DANIELLE: Well, I think this is, first of all, a very important conversation because I think when it comes to spending in our nation, in general, the question of value and priority is really what that question here, and not whether we have the money or not, but what we decide to spend our money on. That being said, I am someone who think that spending needs to be done wisely, so we shouldn't be spending willy-nilly. But one thing that's very important that I would be willing to spend as much as it takes to continue it in the state of New York where I live, is Medicaid.
I think we are - we've forgotten that in 2008 right prior to the downturn in the economy, the most important, the most pressing issue during the 2008 elections was health care and the fact that there are hundreds of thousands of Americans who are, to this day, being crushed by the burden of financial care, especially those who would be qualifying for Medicaid where they have very little sources, and that is the one and only resource for them to get access to care.
And if we want to be a country that is going to reduce funding in other places - if we're going to cut arts programs, if we're going to reduce the amount of recreational activities such as opportunities for after school or local pools or community centers - well, then we need to be able to deal with the consequences of that lack of community care, and it comes out in effect that people aren't going to be getting their needs met. And therefore, those will manifest themselves in physical maladies and the fact that people are not going to be able - they're going to have mental health concerns then. These are - this is a very vulnerable population.
And in the state of New York, I think that we need to prioritize Medicaid, and I'm willing to spend whatever it takes. That doesn't mean I'm willing to spend willy-nilly, but I'm willing to spend whatever it takes in order to ensure that members of my community, regardless of their ability to pay or what got them in that circumstances, are taken care of because that is what we should be valuing as a nation.
LUDDEN: All right. Danielle, thank you so much. Thanks for the call.
DANIELLE: Thank you.
LUDDEN: And let's get one more here. Ellen is in Provo, Utah. Hi, Ellen.
ELLEN: Hi. I'm a public school teacher, and even worse, I'm a music teacher.
LUDDEN: And you still have your job?
ELLEN: Luckily, I still have my job. But I know they're threatening to cut, not only my program, but dozens of others around the district, around the state. And I would - I just - I would pay through the nose to keep public education going strong because in contrary to the last caller, sorry, she said some great things, but people stay healthier, they become better workers, they'll do more if they are successful in public education. And so we won't have to pay as much for the rest of us if we can keep a strong a public education going.
GEEWAX: These are the kinds of decisions we really are going to be looking at. It's choosing between individuals' health, the collective school system and also things like adult daycare, centers for the elderly. A lot of people depend on community centers to have something to do in the daytime. Libraries, where are we going to go with those kinds of public goods that are - that can be very expensive.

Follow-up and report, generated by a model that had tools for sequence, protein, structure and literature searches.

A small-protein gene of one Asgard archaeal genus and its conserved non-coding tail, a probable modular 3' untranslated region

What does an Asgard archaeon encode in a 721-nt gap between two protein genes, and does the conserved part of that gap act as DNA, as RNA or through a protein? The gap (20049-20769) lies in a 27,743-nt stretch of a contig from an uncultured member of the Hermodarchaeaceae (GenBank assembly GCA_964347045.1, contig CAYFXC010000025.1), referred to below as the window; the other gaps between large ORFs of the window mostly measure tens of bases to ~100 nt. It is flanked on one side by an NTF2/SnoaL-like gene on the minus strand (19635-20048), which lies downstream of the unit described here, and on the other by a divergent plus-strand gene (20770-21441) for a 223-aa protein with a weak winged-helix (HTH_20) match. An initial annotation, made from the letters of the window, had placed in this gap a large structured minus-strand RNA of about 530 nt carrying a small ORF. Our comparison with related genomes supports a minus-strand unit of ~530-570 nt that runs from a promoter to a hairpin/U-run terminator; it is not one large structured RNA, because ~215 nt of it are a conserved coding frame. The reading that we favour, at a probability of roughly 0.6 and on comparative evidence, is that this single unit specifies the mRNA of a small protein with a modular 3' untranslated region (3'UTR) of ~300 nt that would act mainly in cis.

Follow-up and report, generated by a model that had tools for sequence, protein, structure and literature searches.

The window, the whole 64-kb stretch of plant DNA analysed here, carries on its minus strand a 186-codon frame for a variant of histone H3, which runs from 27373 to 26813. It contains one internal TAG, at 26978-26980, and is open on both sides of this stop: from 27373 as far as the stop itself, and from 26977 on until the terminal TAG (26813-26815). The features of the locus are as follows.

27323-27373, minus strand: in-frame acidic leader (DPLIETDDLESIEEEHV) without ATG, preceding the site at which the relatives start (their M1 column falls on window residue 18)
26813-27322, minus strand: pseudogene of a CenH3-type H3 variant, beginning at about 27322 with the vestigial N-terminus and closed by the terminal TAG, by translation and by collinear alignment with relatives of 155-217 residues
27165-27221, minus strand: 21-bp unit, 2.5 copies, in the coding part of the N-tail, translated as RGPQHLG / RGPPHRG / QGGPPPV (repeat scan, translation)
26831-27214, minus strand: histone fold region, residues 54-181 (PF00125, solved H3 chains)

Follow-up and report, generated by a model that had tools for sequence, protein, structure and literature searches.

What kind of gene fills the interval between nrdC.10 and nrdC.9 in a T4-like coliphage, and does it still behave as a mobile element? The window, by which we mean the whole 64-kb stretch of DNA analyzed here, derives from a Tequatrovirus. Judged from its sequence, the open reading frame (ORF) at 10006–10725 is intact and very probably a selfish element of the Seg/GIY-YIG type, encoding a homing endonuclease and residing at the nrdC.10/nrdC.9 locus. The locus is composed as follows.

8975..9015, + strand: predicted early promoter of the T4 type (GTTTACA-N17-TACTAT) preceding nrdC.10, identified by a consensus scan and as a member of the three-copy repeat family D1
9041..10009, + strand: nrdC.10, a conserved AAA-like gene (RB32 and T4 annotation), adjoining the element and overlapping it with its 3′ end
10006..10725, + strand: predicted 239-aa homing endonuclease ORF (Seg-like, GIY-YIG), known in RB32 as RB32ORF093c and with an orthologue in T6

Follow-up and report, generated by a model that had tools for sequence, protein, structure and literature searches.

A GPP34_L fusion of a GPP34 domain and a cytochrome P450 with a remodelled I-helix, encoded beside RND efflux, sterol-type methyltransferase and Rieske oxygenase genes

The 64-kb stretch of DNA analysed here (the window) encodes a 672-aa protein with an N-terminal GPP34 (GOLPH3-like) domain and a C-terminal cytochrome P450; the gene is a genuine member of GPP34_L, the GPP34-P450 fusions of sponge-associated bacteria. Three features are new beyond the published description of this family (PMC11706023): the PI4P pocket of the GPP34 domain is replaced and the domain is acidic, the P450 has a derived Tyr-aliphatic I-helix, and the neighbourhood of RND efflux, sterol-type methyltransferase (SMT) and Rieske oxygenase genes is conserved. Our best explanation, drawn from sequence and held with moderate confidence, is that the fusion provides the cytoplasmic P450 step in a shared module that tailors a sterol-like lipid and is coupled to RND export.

GEEWAX: So we'll need to make a lot of choices about our values in coming years.
LUDDEN: Ellen, thank you so much for your phone call.
LUDDEN: You're listening to TALK OF THE NATION from NPR News. Scott Feldt, who do you listen to? There must - I can only imagine all the lobbying and the concern and everyone worried about their program being cut, and people have different values when it comes to what they'd make a priority of?
FELDT: Absolutely. And to, basically, refer back to the previous caller, actually, I serve on my local school board. And so, what's very interesting about when you go from a state budget to a local budget, it's much more personal when you're dealing with a school board budget, because you're talking about children's kids that you meet at the little league games or that you're talking to the parents at the grocery store, and you are - when you make those decisions regarding those budgets - what to cut, what to fund - it has a personal - a truly personal impact that you can see firsthand, which therefore makes it at times very difficult and very challenging and sometimes very rewarding.
As for who we listen to, we have to remember we have, you know, 99 legislators in the assembly and 33 senators in the state Senate, plus you have a whole list of constituency groups. So what we need to do is not only take them into account, but also just the financial realities, when we talk to our legislature, the fiscal bureau, the Wisconsin Taxpayers Alliance and the number of these groups that have some financial acumen, as well as, can show you the fiscal trends that have been going on year after year and what can be done to help reverse the trend of deficits and try to bring us back up into surplus.
LUDDEN: All right. Scott Feldt, deputy state treasurer at the Wisconsin State Treasurer's Office, from Madison, Wisconsin. Thank you so much.
FELDT: Thank you, Jennifer.
LUDDEN: So, Marilyn, in the moment we have left, the state task force today warned of worse to come unless states kind of change the way they draw - come up their budgets. What have they recommended?
GEEWAX: Really, key thought here, is that there needs to be more honesty, that people really have to look at this in a way that addresses the problem, not just the smoke, the mirrors that cover it up and kicking in to the next year, that it's time for states, cities, to set these priorities. What are our values? Do we really want to cut police, or do we want to cut schools, or do we want to cut Medicaid? We need to actually come up with a list and be much more honest about it. And that's really the driving thought behind this, is to expose just how serious the problems are and the choices need to be made. And if we don't, the long-term consequences will be serious. For example, if a bridge collapses because of lack of maintenance, it will be a lot more expensive to fix it in the future. They want people to deal with it, honestly, now.
LUDDEN: Marilyn Geewax, NPR senior business editor, here in Studio 3A. Thank you so much, Marilyn.
GEEWAX: You're welcome.
LUDDEN: Coming up, Sally Koslow joins us to talk about the college grads all around slouching toward adulthood. Parents of graduates, if you're living together once again, what are the new rules? Call us at 800-989-8255 or send us an email, firstname.lastname@example.org. Stay with us. I'm Jennifer Ludden. It's TALK OF THE NATION from NPR News.